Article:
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‘We can’t pretend that climate change isn’t there’: Notley stands firm on carbon tax if NDP re-elected





Alberta’s carbon tax isn’t going anywhere if the NDP is re-elected in the looming election, Premier Rachel Notley says.

“We can’t pretend that climate change isn’t there. We have an obligation as a world-leading energy producer to show leadership on it,” the NDP leader said on CBC’s Alberta@Noon on Tuesday.

Provincial legislation dictates an election must be held between March 1 and May 31.

“In the long term, that’s how we are going to grow our economy and grow our markets, and I absolutely believe it is the right thing to do.”

But she still says her government won’t sign on to the federal carbon plan until shovels are back in the ground on the Trans Mountain pipeline expansion.

When the NDP introduced the carbon tax, Notley had explicitly linked it to getting the social licence needed to get pipelines built. The government rolled out a $20-per-tonne tax on carbon dioxide emissions on Jan. 1, 2017, which increased to $30 a tonne on Jan. 1, 2018.

Under the federal climate change plan introduced by Justin Trudeau’s Liberals, the carbon tax must reach $50 per tonne by 2022. Notley had said Alberta would respect the federal mandate, but later pulled out, expressing frustration with the federal government’s handling of pipeline and energy industry challenges.

Notley told Alberta@Noon that the carbon tax is tied to infrastructure projects that depend on the funding.

“The Green Line in Calgary would get cancelled, the new LRT line in Edmonton would get cancelled. We would also be unable to support the good work that’s going on — the technological innovation, taking carbon out of the product we produce, making sure we can present to the world a sustainable, responsible product and at the same time supporting the efforts of Albertans to reduce our emissions.”

Projects won’t be cancelled, counters UCP

The NDP’s chief rival so far according to the polls, the United Conservative Party led by Jason Kenney, has vowed to eliminate the carbon tax if it wins.

On Tuesday, a UCP spokesperson rejected Notley’s assertion that projects would be cancelled without a provincial carbon tax.

“I would … remind you that federal Green Line funding was announced by Jason Kenney in his capacity as a federal cabinet minister,” spokesperson Christine Myatt said in an emailed statement.

The UCP, which formed when the Wildrose Party and Progressive Conservative Party merged in July 2017, says its post-carbon tax plans are being worked on.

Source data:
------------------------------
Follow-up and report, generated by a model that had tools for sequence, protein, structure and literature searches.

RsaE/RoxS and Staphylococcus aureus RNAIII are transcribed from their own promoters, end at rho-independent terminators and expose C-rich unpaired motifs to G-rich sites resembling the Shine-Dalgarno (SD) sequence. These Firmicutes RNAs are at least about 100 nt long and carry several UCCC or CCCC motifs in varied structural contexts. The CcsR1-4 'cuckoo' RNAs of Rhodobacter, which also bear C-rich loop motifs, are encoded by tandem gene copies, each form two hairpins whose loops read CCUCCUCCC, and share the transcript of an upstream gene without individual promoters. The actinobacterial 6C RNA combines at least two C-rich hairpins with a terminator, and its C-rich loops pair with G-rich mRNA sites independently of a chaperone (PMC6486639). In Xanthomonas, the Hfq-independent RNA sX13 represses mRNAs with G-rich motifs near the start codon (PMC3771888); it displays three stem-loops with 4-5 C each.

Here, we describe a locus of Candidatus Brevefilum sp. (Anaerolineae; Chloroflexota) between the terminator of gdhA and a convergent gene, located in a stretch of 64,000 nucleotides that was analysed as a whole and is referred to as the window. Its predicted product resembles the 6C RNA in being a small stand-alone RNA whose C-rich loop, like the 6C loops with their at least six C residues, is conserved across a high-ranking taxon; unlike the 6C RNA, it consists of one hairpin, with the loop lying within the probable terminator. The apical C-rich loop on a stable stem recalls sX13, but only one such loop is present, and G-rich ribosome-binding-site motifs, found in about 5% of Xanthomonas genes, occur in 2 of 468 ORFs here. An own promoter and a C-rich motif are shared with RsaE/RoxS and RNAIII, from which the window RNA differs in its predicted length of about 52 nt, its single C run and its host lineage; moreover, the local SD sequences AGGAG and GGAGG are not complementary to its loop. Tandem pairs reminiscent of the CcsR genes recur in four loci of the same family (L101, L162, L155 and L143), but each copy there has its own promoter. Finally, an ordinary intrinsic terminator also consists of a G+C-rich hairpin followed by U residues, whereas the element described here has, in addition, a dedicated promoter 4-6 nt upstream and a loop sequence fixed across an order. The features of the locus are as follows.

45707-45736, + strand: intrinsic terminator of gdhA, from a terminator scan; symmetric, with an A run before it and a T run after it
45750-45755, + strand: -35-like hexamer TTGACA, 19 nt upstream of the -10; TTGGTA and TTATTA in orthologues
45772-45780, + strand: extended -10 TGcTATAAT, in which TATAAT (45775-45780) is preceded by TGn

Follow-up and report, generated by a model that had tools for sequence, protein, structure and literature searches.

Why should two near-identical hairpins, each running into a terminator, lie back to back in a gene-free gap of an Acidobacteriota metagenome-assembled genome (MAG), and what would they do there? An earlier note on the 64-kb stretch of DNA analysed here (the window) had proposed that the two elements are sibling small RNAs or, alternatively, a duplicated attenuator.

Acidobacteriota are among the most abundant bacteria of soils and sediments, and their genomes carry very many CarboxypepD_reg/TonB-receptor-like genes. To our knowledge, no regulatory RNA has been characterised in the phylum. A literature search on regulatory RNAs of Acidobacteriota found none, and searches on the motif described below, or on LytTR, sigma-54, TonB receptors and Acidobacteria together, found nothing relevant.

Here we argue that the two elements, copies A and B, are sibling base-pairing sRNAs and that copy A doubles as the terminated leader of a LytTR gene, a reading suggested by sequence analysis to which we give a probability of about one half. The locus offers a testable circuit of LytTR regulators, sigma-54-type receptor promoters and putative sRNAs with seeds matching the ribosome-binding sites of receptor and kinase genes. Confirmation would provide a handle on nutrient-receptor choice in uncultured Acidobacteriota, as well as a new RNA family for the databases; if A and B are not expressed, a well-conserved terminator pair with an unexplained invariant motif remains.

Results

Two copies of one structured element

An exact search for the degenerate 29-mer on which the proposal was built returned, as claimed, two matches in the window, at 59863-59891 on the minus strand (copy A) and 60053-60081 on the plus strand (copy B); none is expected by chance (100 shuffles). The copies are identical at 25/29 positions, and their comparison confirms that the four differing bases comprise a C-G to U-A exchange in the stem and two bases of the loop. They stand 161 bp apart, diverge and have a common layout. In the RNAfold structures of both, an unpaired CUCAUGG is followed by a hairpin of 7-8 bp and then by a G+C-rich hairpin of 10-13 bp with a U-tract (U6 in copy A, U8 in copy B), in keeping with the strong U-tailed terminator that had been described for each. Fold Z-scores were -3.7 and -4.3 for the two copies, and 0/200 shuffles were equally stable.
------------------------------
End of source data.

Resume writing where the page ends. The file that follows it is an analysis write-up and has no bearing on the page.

“Our platform is currently under development, and we will have more to say on our plan to reduce emissions closer to the election,” Myatt said in the statement.

The Alberta Party, Alberta Liberal Party and Green Party of Alberta have all indicated that they would keep the provincial carbon tax, but with some tweaks.

The Freedom Conservative Party of Alberta has said it would scrap the levy entirely.

Political scientist Duane Bratt wonders whether the reaction to Alberta’s carbon tax would have been different if the economy were in better shape or the messaging more effective. (CBC)

Carbon tax messaging, timing not ideal, says political scientist

A political scientist predicts the carbon tax will be the major issue in the upcoming election.

“It is the major initiative of the Notley government. This impacted everybody. This is why Jason Kenney has said Bill 1 will be repealing that carbon tax,” said Duane Bratt, a professor at Mount Royal University in Calgary.

But it’s not clear what would come after that repeal, he said.

“Let’s say we didn’t have the carbon tax. Let’s say we use the Jason Kenney approach. Would we be any closer to building a pipeline?” Bratt asked.

He says the reaction to the carbon tax could have been different.

“If you are going to change behaviour, economists have shown the carbon tax is the simplest, easiest way to do that. Could there have been a difference in how it was messaged? Possibly,” Bratt said.

“If this had come in in 2010 or 2011 when the economy was that much stronger, would that have made a difference?” 

Tune in for more political coverage on Alberta@Noon when Jason Kenney joins the show on Jan. 22.

Listen to the entire Alberta@Noon interview with Rachel Notley here or watch the Facebook Live video right here.

With files from Alberta@Noon


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Federal Budget 2021: Ottawa adds $1B to broadband fund for rural, remote communities





The federal government will add $1 billion to a fund for improving high-speed communications in rural and remote areas of Canada, bringing the total to $2.75 billion by 2026, the Liberals said Monday in their first full budget since the pandemic began last year.